t of Mrs. Rowson, from which those in the Register and Medford Past and Present are reproduced.
This was given to Miss Sargent by a granddaughter of Mrs. Bachelder, the Mary Montgomery who attended Mrs. Rowson's school and there (and in her early married life in New Ipswich) used this old piano.
We also took from the library, for a careful reading, the Memoir of Mrs. Rowson, above alluded to. It was with some surprise that we found that though written by a Medford author, and published in 1870, it was not acquired by our library until March, 1901, and in the twenty years since then had been taken out but once (March, 1914).
Attached to page 99 is the following typewritten statement:—
In 1884 there was given to the New England Conservatory of Music an old piano—made in London in 1782.
This instrument originally belonged to the Princess Amelia, the youngest daughter of George III, and she gave it to the Chaplain of the royal family, whose daughter married a Mr. Odiorne, an Am
the annual town meeting—March meeting we called it then—accompanied by the Town book, or reports of the preceding year of 1870.
The town meeting was then thus warned at every dwelling within its limits.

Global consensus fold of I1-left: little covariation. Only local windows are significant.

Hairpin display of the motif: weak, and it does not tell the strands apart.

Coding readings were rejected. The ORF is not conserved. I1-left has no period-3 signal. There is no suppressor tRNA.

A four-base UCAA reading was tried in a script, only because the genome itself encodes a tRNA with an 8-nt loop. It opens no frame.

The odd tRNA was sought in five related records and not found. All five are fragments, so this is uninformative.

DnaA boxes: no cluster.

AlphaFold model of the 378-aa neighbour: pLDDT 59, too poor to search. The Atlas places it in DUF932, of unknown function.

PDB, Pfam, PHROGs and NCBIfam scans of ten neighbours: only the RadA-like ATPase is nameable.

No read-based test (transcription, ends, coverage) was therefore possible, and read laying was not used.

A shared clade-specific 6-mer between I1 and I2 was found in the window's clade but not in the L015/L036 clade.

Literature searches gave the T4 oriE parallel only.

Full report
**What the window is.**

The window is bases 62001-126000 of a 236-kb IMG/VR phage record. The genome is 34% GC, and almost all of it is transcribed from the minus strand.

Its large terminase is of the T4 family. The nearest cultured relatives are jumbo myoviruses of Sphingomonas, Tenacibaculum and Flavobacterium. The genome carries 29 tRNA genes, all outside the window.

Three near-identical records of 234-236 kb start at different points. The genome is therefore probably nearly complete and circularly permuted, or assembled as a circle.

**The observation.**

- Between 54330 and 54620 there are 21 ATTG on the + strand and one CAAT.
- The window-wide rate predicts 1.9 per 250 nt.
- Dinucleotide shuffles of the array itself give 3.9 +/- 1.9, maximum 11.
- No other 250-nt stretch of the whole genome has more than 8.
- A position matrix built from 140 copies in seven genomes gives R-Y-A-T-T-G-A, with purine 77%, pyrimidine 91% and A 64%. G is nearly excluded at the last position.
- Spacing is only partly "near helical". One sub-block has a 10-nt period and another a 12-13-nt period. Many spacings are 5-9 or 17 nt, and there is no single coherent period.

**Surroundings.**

Medford had then a population of 5,517, having more than doubled since 1838, when its first printed report was issued.
The tax rate (1870) was $3.60 per thousand, there were 899 dwellings (61 being double), 1,480 ratable polls and 1,403 resident tax payers, including 747 who paid poll tax ourden, an examination of the account of public expenditure is of real interest.
Allusion has been made to the report of 1870.
We have before us our entire lot for fifty years. They are not cast in one mold, though their pages are of uniform size.d amount of the tax bill they grumble about, and finally with sacrificing effort pay?
We have alluded to the report for 1870 and its distribution to every dwelling in town.
There were probably 1,000 copies printed, and the month that intervened b
ight of them were present, and with their wives formed a long receiving line.
Dr. N. T. Whitaker, whose pastorate was 1869-70-71, was followed by Revs. Watkins, Bragg, Curnick, Chadbourne, Pomeroy, Bridgham and Richardson in the order of their serviserving both Medford and Malden, was near the town boundary.
In those fifty years the population had quadrupled, being in 1870, five thousand, seven hundred and seventeen, with but scant increase in the outlying sections.
Its increase began in West Medford in 1870.
There, first a Sunday school, and later in ‘68, a community preaching service was begun, and continued for four years. From this grew two churches.
Trinity had suitably remembered its fifteenth, twenty-fifth, thirtyfifth and forti words of cheer and counsel.
Like a wonderful benediction was the presence of Rev. N. T. Whitaker (pastor at Medford in 1870-72), who organized the class-meeting in October, ‘71, and was present at the formal organization, April I, ‘72, and also p<